The latest outlook from independent shipping and vessel valuation consultant MSI holds little cheer for tanker owners
Tanker demand has fallen off a cliff and with imperfect timing, Saudi Arabia’s surprise voluntary cut in oil production by 1M b/d will slam into a tanker market where earnings on the benchmark routes are already below opex.
These are some of the elements that have caused MSI to revise its tanker market outlook.
MSI’s latest Horizon newsletter reports that in the VLCC spot market, timecharter equivalent earnings on the Middle East-China route in mid-February have fallen to around US$2,100 per day. This and other factors have caused MSI to revise downward its forecast for Q1 2021 spot rates by over 60% to US$5,700 per day. MSI’s forecast for timecharter rates are virtually unchanged at US$26,400 per day.
In the Suezmax sector, MSI expects that some of the Suezmax tankers returning from storage duties will not return to the main fleet and will be sold for recycling. This will help prevent the already low spot market of US$2,200 per day average forecast for Q1 2021 sinking any further. MSI estimates that as at the end of January 2021, some 2.6M dwt of Suezmax tanker capacity was in floating storage.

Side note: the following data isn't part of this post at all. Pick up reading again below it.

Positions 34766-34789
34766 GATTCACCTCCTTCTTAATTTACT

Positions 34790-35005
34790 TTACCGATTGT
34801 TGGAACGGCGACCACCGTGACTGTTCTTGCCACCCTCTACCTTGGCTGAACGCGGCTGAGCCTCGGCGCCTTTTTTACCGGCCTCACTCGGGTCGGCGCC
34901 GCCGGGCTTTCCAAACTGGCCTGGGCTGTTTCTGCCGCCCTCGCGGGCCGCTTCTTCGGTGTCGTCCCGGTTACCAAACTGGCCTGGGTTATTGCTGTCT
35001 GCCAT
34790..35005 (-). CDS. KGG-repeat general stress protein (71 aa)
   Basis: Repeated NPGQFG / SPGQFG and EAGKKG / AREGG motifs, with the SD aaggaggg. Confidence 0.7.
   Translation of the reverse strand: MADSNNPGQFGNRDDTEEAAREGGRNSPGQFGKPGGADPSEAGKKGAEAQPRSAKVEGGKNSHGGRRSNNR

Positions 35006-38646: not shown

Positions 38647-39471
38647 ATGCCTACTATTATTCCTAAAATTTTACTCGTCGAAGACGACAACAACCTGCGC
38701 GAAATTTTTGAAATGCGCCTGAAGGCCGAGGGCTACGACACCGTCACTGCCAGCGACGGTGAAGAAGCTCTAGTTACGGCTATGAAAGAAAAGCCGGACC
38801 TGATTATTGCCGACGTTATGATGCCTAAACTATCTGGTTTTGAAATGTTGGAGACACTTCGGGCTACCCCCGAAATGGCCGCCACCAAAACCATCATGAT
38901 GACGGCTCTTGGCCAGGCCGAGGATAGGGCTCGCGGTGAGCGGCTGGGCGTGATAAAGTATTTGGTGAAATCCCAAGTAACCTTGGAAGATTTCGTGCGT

MSI has also revised downwards its estimates for rates and earnings in the Aframax tanker sector. It estimates that timecharter equivalent earnings on the North Sea to Europe route have dipped into negative territory of minus US$7,800 per day.
On the product tanker side, LR2 timecharter equivalent earnings fell 56% month-on-month in January 2021 to US$5,300 per day. So far in February 2021, LR2 earnings have fallen to zero.
In the MR2 sector, MSI reports that timecharter equivalent earnings in January 2021 fell to 16% month-on-month in January 2021 to US$7,200 per day. So far in February, MR2 earnings have fallen further to US$3,800 per day.
MSI notes that product supply is facing a surge when two mega-refineries in the Middle East come online. The Al Zour complex in Kuwait and the Jazan facility in Saudi Arabia will add 1M b/d of products to the supply side when fully operational. The two units are at the commissioning stage, and given the weak global demand for products due to Covid-19, are likely to delay full capacity for some time.
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